Stocks stumble as Fed taper factored
NEW YORK — U.S. stocks ended sharply lower Wednesday, losing grip on a late-afternoon recovery, as investors weighed the Federal Reserve’s signaling that it remained on course to curb its monthly bond purchases by the end of the year.
Fed officials are “broadly comfortable” with Chairman Ben Bernanke’s plan to begin reducing the asset buying later this year so long as the economy improves, with a few Federal Open Market Committee members indicating tapering might be called for soon, according to the minutes released Wednesday afternoon.
“The market has not fully backed in the prospect of it actually occurring in September,” said Mark Luschini, chief investment strategist at Janney Montgomery Scott.
Extending losses into a sixth session, the Dow industrials fell as much as 122.15 points in the immediate of the Fed release, only to recoup those losses and then give them up once more. Finishing below 15,000 for the first time since July 3, the Dow Jones industrial average ended at 14,897.55, down 105.44 points, or 0.7 percent.
The Standard & Poor’s 500 index lost 9.55 points, or 0.6 percent, to 1,642.80.
The expectation voiced by Bernanke in June that the central bank would curb its $85 billion in monthly bond purchases by year-end has upended global markets, especially hitting emerging markets, which had gained significantly from the increased liquidity.
Views that Federal Open Market Committee would signal a September taper hit currencies including the Turkish lira and Indian rupee.
“I’m inclined to think it’s going to come in September, but it’s also going to be tapering ‘lite,’ ” said Luschini, who now put the odds of the reduced asset purchases coming next month at 60 percent to 70 percent.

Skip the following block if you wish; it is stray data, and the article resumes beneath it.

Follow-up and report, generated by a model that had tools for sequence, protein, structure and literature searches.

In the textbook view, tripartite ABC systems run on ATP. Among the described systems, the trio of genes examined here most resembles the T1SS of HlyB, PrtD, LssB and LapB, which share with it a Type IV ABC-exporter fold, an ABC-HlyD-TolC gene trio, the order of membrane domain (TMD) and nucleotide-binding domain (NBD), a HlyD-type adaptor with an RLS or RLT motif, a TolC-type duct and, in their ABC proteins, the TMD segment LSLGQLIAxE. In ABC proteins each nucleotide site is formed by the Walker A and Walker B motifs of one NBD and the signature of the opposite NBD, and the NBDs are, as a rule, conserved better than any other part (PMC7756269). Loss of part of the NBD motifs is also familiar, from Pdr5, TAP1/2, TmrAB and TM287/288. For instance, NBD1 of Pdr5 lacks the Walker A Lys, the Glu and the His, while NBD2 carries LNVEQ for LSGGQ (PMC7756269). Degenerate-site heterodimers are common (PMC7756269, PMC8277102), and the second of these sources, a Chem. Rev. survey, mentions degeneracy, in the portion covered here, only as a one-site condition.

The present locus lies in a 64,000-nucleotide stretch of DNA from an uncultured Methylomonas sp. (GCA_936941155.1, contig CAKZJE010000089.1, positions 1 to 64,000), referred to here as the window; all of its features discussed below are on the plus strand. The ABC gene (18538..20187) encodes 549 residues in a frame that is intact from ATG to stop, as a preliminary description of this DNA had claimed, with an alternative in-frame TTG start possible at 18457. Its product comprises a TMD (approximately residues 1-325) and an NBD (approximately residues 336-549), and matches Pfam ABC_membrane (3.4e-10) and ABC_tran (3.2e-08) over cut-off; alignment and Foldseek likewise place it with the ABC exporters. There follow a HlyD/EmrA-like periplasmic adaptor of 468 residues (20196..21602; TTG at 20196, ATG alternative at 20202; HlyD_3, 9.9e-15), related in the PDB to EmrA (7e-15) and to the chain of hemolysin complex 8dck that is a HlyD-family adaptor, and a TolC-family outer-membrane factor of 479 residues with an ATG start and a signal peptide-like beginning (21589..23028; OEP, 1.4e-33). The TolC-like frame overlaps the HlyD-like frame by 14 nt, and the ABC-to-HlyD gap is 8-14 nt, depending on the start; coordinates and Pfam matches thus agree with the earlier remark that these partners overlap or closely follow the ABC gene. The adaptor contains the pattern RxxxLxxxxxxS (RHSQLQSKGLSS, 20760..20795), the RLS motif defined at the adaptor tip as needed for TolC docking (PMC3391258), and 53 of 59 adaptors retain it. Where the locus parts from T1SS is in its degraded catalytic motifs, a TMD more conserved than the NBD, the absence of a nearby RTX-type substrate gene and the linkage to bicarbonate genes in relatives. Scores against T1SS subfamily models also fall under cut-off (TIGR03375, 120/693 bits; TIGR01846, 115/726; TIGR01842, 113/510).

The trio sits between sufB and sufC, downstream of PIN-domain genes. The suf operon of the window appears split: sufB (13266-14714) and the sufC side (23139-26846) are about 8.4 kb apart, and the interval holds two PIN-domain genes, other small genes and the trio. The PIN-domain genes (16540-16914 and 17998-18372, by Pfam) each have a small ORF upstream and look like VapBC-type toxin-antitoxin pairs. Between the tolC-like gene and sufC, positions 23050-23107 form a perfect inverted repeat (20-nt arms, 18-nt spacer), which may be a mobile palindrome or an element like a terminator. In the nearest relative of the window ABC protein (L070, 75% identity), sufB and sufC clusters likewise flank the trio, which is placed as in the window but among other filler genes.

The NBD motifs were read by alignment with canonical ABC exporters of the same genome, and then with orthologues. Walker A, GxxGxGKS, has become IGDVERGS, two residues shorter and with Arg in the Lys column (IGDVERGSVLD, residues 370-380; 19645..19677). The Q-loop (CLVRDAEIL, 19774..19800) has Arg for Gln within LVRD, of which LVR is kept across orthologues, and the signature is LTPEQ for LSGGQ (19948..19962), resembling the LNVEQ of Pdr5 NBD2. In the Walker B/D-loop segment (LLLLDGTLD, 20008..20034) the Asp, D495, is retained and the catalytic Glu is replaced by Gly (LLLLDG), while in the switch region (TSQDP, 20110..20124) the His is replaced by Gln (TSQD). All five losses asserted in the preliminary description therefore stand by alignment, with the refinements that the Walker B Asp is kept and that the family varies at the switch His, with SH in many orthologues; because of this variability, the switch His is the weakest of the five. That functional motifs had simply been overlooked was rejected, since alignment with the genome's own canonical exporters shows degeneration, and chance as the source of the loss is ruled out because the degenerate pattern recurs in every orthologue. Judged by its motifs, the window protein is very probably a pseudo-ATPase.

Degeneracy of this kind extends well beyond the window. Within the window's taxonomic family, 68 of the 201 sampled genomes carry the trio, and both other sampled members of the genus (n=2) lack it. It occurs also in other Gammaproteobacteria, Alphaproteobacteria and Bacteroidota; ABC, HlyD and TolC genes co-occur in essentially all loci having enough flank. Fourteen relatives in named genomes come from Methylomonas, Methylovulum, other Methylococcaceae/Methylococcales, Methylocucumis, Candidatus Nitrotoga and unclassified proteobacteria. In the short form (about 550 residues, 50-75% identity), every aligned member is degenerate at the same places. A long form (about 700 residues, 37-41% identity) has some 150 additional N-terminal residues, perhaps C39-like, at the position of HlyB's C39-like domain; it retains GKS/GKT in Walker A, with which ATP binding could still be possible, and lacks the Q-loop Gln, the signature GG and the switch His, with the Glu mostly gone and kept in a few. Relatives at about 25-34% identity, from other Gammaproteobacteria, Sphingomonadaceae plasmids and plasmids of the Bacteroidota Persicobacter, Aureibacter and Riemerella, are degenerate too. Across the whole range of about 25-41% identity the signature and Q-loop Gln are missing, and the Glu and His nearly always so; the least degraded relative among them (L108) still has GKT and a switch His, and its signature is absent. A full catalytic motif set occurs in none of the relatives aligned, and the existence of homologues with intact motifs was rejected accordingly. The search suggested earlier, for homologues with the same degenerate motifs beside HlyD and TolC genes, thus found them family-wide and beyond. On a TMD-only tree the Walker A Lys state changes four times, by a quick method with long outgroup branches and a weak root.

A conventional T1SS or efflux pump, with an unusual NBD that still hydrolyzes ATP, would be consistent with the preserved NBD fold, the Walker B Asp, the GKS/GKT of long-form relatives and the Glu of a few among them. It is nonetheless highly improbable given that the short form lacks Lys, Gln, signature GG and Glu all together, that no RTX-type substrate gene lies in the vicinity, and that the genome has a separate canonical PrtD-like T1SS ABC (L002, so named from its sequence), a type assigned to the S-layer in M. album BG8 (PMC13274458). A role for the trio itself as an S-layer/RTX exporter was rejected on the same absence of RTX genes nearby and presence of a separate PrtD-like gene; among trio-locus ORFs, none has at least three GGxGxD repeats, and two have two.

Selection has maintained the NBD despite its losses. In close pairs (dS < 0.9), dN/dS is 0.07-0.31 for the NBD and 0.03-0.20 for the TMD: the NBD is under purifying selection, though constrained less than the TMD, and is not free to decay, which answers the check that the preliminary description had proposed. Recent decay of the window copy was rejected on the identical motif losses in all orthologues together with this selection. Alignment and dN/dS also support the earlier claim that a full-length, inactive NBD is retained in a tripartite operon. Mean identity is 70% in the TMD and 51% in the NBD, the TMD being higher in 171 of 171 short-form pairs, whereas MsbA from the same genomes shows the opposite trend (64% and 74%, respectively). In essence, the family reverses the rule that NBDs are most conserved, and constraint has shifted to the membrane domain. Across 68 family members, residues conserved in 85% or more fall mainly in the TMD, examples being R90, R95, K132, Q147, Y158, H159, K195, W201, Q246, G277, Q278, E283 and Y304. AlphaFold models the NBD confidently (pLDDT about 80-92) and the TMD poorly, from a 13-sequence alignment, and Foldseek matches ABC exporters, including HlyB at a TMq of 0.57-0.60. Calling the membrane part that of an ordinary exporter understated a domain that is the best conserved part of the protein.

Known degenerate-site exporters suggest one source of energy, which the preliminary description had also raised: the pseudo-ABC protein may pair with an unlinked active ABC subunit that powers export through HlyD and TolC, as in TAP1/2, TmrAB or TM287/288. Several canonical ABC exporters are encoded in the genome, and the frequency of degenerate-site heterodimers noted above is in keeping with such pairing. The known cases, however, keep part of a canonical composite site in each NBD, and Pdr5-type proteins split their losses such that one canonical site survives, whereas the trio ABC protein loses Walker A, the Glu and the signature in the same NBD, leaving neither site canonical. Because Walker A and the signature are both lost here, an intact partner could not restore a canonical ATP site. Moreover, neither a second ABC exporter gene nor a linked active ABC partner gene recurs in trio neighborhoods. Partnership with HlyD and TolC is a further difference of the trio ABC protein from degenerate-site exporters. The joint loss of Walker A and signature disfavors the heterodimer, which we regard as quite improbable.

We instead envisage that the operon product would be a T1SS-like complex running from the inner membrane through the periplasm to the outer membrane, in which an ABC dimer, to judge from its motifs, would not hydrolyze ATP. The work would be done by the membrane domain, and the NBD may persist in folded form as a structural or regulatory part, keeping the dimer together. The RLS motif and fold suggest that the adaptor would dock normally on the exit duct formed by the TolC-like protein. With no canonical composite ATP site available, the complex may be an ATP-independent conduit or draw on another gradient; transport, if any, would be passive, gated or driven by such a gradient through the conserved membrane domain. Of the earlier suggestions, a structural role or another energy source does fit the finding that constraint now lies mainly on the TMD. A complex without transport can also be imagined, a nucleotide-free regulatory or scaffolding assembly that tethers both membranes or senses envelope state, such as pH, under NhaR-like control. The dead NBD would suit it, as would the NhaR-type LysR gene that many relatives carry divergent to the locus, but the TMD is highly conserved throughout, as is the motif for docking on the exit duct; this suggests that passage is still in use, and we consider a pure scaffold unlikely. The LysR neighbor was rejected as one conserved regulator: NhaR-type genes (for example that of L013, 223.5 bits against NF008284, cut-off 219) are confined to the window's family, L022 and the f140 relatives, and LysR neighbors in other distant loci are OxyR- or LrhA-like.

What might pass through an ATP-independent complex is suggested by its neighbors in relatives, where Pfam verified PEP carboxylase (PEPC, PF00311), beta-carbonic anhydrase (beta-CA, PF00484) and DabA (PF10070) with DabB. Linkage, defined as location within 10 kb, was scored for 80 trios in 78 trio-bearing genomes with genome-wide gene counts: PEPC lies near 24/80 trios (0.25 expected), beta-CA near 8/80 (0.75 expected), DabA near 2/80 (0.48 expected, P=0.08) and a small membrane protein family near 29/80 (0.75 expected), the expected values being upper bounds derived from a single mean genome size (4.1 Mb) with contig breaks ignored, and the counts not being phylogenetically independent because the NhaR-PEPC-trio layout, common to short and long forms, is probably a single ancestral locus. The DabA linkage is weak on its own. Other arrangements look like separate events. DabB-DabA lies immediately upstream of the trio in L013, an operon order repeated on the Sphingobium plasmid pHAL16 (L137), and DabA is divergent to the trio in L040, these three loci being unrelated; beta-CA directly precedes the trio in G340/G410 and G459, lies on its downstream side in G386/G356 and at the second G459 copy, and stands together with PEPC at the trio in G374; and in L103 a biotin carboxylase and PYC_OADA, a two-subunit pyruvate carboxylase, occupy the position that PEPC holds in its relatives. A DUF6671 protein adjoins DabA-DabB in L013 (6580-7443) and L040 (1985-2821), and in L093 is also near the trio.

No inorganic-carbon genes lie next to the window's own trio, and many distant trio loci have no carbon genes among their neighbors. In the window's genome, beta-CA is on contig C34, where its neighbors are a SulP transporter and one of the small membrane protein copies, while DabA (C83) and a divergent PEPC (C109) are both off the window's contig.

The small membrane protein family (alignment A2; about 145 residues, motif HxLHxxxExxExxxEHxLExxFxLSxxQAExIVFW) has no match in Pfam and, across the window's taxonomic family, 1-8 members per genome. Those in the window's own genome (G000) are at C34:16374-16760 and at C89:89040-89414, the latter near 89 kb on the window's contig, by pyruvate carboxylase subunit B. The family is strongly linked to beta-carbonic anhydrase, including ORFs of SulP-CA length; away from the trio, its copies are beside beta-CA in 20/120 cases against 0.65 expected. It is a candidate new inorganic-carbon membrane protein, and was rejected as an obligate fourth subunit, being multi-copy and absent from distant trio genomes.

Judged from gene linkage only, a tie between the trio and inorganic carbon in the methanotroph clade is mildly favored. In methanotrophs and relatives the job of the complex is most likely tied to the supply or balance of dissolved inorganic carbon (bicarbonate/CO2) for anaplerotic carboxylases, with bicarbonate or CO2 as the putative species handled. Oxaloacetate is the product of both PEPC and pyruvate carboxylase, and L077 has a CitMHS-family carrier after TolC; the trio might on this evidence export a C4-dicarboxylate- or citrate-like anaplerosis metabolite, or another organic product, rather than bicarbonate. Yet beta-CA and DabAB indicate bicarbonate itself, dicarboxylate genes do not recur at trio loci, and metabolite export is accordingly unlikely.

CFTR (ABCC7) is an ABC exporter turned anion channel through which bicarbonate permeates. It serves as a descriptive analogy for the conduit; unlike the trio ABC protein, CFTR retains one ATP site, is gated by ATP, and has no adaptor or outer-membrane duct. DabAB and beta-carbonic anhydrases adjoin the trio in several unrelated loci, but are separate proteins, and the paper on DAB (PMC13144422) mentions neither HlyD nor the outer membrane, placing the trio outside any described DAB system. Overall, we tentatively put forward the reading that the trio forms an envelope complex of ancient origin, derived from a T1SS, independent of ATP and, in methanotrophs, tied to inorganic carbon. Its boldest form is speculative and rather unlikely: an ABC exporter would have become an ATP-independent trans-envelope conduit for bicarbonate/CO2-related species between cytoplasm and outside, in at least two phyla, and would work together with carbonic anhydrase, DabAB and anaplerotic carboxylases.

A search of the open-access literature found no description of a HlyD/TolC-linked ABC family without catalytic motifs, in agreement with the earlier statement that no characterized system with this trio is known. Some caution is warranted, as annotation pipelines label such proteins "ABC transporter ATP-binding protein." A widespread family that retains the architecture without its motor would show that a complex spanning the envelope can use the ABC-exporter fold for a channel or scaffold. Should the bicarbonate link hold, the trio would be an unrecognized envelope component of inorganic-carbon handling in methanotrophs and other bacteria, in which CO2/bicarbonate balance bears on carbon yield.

“Net-net, the market remains jittery, and will trade from economic-data point to economic-data point. The big one is going to be the labor report that comes out before the next Fed meeting,” he added of the monthly nonfarm payrolls report.
Benchmark 10-year Treasury yields rose 8 basis point to 2.895 percent.
Staples Inc. fell 15 percent after the office-supply retailer reported disappointing results and trimmed its 2013 earnings and revenue forecasts.
Lowe’s Cos Inc. rallied 3.9 percent after the home-improvement chain reported a larger-than-estimated rise in quarterly profit and sales and raised its yearly outlook.
Shares of Target Corp. slipped 3.6 percent after the discount retailer reported a drop in second-quarter profit.
“Retailers are still missing expectations on average by 0.7 percent, largely due to several huge negative surprises in the department-store space,” said Ken Perkins, president of Retail Metrics Inc.
The Nasdaq composite index retreated 13.80 points, or 0.4 percent, to 3,599.79.
Equities are suffering from “buyers’ fatigue. The market shot up to 1,700 and change on the S&P 500, and now it’s having to reconcile having gotten a little ahead of itself,” said Luschini.
Stock indexes had held their mostly lower positions after data showed the sale of previously owned homes in July rising to 2009 highs.
“The Fed is just trumping everything right now. The news was good, but the housing-recovery story is pretty well understood at this juncture,” Luschini said of Wall Street’s lack of reaction to the housing report.
On the New York Mercantile Exchange, crude-oil futures for October delivery slipped $1.26, or 1.2 percent, to $103.85 a barrel; gold futures for December delivery lost $2.50, or 0.2 percent, to $1,370.10 an ounce.
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